5 Innovative Ways to Drive Growth and Profitability

What the bee girl knew – brand leadership in the Age of the Customer

Her face beamed. The bee girl in Blind Melon’s video for “No Rain” felt a sudden sense of belonging when she realized there were other people like her in the world.

They all danced the same bee dance and sang the same bee song. For the first time in a long time, she felt respected and accepted.

Turns out, those special moments can be a boon to brands and bee girls alike.

While wearing wings might be a bit much, the notion of a retail brand building a dream store for their highest value customers certainly isn’t crazy. The rush of conquering the climbing wall at the REI Boston store for example has been known to inspire camaraderie among customers (self included) and a sense of belonging with the brand.

Not surprisingly, camped atop the C Space 2016 list of most customer inspired brands, we find REI.

REI knows what their customers love and isn’t afraid to take risks that power positive customer experiences.

According to the C Space report “The Most Customer Inspired Brands in 2016” when a customer feels understood and respected, they have a stronger relationship with the brand overall. REI exemplifies this through their in-store and digital experiences along with a passion for all things adventure.

REI closed its stores on Black Friday (the busiest shopping day of the year) and told their customers to go for a hike — literally. A risk that paid off, revenues rose 9.3% from 2015 to 2016.

The C Space Customer Quotient ™ framework (CQ) quantifiably correlates revenue and profitability growth to brand behaviors that customers value. Those special moments are are especially important.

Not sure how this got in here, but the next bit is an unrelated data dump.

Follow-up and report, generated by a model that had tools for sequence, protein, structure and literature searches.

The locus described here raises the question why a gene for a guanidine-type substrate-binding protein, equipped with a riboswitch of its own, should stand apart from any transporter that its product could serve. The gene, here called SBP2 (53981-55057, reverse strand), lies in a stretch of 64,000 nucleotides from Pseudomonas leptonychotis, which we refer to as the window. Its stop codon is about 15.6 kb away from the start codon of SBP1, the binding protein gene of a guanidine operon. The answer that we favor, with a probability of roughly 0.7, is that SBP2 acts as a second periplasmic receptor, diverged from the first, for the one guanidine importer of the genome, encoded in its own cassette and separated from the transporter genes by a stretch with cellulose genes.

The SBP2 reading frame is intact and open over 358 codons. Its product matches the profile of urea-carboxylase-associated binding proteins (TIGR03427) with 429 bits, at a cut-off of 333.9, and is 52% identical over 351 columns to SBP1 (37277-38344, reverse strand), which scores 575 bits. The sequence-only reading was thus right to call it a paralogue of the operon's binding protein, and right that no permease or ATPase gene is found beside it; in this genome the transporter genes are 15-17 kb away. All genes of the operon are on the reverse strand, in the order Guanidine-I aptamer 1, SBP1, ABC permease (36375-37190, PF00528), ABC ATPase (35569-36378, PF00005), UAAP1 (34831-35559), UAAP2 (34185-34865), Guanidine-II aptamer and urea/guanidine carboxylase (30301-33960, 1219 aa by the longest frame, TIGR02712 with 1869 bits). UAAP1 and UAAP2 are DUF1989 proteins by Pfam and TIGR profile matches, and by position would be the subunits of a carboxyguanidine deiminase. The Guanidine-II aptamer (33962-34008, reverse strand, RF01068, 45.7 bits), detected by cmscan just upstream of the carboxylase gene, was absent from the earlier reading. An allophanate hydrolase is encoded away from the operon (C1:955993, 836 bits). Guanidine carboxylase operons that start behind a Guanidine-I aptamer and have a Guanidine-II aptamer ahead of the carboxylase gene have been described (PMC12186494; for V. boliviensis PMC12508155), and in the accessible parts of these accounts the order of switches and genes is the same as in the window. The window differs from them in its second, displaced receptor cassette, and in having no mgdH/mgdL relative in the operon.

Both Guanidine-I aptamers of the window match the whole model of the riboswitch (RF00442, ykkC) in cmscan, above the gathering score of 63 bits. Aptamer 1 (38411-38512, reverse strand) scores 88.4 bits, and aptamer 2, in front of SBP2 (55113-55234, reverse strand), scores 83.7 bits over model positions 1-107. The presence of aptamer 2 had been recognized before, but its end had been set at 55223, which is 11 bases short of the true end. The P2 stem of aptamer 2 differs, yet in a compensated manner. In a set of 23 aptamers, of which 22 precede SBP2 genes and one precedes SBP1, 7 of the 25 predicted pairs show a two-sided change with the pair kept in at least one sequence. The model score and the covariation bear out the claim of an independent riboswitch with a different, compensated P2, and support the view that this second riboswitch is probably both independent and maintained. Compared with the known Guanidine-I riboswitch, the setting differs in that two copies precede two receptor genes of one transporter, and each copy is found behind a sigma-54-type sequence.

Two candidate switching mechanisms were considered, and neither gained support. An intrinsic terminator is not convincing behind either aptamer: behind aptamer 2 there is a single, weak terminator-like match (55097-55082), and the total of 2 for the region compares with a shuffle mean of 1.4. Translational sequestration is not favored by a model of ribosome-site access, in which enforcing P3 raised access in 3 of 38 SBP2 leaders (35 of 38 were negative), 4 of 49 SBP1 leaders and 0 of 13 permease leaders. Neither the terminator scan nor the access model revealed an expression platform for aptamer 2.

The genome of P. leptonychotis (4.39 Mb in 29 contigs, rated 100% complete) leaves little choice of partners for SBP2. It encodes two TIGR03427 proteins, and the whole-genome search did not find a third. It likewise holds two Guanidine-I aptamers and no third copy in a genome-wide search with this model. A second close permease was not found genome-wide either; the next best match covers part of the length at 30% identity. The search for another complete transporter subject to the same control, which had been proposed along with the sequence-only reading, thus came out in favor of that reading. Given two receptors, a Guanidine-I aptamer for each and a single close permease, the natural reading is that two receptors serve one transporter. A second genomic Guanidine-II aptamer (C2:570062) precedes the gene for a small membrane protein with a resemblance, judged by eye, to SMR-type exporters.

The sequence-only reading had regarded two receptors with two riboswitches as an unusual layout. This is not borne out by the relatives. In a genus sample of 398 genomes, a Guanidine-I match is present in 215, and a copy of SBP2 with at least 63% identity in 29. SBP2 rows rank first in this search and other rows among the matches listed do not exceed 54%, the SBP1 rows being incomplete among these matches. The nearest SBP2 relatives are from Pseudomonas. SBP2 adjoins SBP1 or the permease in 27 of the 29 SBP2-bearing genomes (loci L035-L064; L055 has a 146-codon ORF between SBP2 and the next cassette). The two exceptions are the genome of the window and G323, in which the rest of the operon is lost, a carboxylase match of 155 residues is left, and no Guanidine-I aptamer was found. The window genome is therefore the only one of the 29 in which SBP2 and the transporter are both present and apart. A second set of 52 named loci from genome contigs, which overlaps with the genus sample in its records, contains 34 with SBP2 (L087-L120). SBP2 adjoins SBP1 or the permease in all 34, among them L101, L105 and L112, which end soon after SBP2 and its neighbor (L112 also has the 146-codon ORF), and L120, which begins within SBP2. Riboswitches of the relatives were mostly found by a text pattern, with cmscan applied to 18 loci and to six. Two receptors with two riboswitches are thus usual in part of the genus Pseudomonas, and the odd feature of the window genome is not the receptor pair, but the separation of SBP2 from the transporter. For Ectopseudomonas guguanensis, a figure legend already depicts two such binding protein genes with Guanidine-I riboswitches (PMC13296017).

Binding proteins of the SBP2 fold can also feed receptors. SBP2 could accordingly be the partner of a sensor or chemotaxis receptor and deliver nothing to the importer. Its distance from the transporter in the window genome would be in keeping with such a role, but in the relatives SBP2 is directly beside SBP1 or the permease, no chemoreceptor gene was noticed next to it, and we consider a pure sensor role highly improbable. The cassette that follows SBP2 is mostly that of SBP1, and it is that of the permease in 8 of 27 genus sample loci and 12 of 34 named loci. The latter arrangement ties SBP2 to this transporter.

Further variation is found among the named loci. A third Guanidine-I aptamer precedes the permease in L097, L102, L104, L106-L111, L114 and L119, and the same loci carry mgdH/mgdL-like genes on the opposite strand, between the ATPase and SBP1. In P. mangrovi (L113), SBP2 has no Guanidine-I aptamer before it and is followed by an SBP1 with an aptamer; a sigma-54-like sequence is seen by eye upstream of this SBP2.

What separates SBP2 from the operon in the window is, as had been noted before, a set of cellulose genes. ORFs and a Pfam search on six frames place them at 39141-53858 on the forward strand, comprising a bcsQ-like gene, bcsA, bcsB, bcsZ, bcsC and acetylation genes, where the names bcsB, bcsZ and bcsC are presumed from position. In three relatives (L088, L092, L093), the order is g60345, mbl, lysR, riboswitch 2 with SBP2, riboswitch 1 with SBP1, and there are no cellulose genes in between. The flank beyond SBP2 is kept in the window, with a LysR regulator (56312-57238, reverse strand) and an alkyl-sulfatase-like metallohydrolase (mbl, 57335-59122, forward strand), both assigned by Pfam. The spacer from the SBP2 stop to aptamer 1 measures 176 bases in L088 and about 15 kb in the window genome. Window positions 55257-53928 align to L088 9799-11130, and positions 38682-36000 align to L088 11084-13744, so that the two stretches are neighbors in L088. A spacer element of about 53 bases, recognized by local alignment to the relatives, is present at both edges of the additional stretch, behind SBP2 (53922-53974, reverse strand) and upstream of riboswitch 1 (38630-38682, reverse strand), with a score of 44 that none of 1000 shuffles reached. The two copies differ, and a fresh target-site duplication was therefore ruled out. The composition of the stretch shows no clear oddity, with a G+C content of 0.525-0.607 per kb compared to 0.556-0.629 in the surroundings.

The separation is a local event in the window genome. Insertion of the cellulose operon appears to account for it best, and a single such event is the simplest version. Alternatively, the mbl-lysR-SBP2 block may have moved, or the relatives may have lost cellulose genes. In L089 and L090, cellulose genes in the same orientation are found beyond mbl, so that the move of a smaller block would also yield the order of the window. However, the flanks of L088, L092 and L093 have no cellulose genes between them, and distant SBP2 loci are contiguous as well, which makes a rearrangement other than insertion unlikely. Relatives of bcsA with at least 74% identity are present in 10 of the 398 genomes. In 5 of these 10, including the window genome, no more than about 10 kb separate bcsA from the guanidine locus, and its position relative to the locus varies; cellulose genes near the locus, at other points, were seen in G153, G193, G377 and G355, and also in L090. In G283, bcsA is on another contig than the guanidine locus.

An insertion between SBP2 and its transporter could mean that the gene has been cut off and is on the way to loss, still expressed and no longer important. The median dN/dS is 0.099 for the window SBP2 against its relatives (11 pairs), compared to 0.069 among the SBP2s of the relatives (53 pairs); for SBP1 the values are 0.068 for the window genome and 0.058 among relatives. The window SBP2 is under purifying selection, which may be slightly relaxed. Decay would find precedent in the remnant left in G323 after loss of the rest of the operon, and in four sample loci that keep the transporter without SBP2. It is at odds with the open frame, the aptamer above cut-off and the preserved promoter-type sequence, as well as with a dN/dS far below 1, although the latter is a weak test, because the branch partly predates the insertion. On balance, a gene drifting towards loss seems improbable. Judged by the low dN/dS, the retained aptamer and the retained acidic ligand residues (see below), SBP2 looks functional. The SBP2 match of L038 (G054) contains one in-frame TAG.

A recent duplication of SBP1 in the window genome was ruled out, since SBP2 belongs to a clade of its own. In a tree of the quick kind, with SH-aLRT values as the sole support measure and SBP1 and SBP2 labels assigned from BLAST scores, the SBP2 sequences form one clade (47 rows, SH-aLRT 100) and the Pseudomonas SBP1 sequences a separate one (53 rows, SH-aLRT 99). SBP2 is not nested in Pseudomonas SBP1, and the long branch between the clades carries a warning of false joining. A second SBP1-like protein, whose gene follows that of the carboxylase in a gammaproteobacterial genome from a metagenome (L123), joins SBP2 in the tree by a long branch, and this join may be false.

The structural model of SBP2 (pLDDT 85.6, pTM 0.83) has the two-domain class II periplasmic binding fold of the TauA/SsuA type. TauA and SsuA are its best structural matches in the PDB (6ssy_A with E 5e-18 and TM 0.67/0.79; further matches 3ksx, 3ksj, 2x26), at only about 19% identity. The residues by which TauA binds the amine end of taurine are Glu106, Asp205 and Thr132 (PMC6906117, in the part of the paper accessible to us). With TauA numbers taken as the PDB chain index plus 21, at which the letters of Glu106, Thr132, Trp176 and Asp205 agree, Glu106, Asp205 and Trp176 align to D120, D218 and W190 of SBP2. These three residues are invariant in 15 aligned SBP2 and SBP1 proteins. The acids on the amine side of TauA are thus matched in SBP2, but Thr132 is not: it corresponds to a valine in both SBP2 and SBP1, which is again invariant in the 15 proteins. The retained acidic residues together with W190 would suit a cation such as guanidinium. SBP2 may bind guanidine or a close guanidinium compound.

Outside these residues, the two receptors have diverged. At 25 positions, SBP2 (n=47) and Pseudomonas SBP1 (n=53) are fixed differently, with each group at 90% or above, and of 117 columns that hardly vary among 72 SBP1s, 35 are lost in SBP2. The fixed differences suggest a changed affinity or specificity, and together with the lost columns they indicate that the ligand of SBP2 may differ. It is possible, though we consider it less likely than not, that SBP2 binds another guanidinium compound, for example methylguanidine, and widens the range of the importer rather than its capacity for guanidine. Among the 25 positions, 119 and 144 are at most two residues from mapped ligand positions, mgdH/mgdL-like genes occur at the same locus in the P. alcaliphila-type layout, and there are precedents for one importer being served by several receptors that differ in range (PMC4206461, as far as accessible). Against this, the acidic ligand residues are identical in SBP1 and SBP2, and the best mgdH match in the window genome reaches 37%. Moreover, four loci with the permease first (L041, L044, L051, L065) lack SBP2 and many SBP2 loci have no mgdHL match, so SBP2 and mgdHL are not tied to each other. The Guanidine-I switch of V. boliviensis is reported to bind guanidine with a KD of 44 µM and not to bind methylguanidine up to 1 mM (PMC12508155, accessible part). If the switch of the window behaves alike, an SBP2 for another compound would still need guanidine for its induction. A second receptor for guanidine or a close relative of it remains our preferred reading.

The fuzzy logic of customer experience analysis has long depended on a range of disconnected observational metrics. C Space’s CQ approach generates insight from customer perspective, a first in the industry.

The C Space Customer Quotient ™ is comprised of five attributes measured from the customer’s perspective: customer experience, emotional rewards, relevance, openness and empathy.

1. Customer Experience — In an omnichannel world, every touch point shapes brand perception. Brands scoring high in CQ include leaders like Marriott and Wegmans who both deliver on creating meaningful experiences. It’s all about going beyond a good experience and delivering great every time.

2. Emotional Rewards — When a high-touch brand makes you feel good, you remember it. Those witty signs at Trader Joe’s that inspire a subtle chuckle make the brand more personable. Those collective good vibes build up over time and deliver emotional rewards that strengthen brand relationships driving growth, profitability, return on assets (ROA) and likelihood to recommend.

3. Relevance — Brands that understand customer needs and deliver on them in novel ways score high in relevance. Being relatable and sharing your values matters. REI’s #OptOutside campaign is a prime example.